For Online E-newspaper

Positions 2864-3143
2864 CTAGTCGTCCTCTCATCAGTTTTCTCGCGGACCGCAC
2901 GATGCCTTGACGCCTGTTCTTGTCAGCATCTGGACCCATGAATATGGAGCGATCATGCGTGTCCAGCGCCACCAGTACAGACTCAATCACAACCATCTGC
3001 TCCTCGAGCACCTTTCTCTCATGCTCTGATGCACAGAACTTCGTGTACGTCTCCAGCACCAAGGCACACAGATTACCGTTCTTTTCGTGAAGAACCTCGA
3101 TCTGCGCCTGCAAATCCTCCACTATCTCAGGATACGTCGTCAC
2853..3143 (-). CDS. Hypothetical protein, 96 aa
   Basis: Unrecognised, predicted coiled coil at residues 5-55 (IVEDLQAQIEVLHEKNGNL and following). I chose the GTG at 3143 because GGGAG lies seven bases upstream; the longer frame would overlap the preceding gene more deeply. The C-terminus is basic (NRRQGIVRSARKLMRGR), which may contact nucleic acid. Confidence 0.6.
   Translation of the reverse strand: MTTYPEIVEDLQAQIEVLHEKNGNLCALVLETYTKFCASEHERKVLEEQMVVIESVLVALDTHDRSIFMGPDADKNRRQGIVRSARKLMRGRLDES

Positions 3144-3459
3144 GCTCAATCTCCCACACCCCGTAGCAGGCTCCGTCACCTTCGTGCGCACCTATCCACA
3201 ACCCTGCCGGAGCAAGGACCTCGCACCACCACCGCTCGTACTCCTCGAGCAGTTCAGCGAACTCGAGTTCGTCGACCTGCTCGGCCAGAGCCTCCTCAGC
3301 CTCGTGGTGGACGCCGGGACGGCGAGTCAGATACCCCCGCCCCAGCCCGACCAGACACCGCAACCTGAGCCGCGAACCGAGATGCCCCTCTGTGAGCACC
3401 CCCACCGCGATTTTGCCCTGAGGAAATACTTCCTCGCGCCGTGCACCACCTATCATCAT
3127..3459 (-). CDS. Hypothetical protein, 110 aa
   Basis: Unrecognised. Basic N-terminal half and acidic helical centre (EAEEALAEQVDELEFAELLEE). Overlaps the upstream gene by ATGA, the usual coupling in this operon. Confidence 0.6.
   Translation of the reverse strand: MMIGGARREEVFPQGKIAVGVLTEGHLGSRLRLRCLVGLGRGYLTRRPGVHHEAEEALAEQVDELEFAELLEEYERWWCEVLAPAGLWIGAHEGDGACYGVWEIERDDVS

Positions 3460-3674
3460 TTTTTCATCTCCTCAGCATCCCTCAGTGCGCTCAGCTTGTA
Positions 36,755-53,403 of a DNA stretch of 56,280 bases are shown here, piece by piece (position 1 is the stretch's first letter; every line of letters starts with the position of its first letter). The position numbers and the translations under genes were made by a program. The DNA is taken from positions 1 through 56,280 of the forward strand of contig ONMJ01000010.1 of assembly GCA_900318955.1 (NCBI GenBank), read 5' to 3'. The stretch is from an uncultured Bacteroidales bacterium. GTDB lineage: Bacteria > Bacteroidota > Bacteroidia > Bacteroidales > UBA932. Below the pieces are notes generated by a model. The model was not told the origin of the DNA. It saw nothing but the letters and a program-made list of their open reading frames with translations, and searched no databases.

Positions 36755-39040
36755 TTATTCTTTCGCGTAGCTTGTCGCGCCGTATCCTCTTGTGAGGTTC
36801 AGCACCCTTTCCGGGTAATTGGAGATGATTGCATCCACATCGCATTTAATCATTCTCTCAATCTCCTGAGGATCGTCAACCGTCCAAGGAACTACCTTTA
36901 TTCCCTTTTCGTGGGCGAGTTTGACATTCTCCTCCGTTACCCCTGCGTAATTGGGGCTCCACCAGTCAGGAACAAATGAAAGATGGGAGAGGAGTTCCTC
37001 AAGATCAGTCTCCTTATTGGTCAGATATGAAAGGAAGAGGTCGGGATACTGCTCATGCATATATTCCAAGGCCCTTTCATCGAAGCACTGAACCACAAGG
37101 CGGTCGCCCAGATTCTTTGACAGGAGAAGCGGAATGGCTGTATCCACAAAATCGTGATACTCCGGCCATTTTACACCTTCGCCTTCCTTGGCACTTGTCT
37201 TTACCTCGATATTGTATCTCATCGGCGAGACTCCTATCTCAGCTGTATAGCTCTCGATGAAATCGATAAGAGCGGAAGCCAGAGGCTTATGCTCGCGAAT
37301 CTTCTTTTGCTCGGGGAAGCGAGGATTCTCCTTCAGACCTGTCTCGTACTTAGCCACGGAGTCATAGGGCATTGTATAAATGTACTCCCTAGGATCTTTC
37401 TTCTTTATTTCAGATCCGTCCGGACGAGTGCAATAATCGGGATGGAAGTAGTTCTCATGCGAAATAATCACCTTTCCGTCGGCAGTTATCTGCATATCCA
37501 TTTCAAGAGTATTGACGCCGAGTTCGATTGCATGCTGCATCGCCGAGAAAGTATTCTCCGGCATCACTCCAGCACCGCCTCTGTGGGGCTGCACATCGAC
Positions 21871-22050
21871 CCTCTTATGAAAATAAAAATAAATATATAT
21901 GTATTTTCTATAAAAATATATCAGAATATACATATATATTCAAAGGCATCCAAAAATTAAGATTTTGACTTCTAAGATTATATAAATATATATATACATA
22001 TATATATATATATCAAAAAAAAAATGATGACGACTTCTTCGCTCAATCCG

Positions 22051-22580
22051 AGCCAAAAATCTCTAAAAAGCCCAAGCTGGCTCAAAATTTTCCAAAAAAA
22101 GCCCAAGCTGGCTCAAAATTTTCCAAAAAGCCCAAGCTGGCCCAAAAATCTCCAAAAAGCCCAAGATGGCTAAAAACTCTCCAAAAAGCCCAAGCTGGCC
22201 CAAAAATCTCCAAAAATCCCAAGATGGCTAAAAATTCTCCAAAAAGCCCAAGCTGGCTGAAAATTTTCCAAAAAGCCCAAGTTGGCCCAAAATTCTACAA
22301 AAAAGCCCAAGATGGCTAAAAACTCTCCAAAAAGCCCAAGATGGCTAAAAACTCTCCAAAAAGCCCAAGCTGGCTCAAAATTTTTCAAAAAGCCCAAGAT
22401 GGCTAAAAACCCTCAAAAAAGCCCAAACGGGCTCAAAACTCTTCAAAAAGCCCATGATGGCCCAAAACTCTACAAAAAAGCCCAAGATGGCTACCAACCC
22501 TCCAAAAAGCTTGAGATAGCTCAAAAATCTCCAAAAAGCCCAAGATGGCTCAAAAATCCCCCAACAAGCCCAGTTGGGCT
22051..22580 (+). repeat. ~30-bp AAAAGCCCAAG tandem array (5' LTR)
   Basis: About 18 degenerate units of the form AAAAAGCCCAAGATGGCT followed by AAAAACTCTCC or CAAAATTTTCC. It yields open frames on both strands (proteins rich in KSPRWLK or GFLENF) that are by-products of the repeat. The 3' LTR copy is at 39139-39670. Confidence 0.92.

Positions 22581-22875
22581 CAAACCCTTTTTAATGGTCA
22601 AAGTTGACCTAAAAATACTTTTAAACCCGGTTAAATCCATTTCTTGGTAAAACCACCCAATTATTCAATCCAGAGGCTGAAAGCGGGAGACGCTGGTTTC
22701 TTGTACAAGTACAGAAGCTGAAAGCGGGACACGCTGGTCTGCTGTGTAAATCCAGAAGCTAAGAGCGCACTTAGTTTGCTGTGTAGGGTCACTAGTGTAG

The East African : December 30th 2013